The ESG Audit Center was created to provide auditors with resources and tools for this new reporting framework.
As the name suggests, ESG covers three broad categories:
Environmental – risks and opportunities around greenhouse gas emissions, water usage, and waste and pollution. This category focuses on both the outputs (what and how much the organization produces) as well as the inputs (the sustainability of the resources the organization needs to feed its processes). For example, a beverage producer may be concerned with sufficient, long-term availability of fresh water while also being aware of any environmentally undesirable byproducts of its production processes.
Social – risks and opportunities around employee relations, diversity, health and safety, and community support. Are employees, including those working for third parties, treated fairly? Are they paid fair wages? Are work conditions safe and free of unnecessary hazards? How does the organization impact and/or support the local community?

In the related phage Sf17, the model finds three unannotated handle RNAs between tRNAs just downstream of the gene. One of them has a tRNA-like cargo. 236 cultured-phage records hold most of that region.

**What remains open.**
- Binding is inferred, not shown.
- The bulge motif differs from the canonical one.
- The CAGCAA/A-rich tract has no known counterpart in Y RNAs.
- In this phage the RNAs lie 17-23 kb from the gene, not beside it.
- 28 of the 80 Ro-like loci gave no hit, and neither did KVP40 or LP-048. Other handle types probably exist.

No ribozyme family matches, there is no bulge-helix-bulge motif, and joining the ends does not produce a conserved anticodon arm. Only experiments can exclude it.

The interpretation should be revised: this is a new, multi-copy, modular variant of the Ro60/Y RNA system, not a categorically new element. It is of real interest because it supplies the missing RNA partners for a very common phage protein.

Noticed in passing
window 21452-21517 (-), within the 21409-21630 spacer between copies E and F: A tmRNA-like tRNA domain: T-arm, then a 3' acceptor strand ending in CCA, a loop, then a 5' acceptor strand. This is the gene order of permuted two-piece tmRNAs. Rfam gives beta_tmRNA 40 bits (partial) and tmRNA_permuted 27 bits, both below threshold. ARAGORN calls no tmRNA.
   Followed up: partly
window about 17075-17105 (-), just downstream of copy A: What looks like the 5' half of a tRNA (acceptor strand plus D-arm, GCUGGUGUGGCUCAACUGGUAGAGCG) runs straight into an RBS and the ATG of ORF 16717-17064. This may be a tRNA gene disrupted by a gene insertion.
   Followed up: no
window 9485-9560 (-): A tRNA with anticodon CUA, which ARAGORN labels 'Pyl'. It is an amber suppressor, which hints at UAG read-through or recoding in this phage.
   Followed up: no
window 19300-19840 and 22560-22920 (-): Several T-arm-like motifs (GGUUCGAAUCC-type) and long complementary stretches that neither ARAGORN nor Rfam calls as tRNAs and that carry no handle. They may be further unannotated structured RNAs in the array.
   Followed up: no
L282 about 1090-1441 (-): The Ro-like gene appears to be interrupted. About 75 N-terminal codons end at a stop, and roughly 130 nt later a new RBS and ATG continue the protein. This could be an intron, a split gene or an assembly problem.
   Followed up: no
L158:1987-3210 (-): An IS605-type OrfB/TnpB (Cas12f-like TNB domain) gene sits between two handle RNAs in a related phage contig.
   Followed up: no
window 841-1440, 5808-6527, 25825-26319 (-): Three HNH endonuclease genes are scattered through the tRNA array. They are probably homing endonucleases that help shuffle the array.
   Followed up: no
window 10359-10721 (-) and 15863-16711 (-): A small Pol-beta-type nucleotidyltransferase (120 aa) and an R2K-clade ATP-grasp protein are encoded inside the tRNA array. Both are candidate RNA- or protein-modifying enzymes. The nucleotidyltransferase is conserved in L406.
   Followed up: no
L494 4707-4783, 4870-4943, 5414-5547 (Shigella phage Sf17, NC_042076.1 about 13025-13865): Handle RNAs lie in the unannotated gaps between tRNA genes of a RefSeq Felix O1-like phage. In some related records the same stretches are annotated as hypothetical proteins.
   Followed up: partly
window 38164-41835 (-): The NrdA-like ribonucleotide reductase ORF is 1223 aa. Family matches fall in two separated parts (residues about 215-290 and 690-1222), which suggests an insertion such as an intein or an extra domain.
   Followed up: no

Governance — risks and opportunities around shareholder rights, board diversity, ethical decision-making, and deterring corruption and bribery. More and more, activist investors are looking for organizations that make money while maintaining transparency and high ethical standards. Global organizations such as the United Nations (UN) and the Organisation for Economic Cooperation and Development are particularly focused on mitigating corruption and bribery around the world.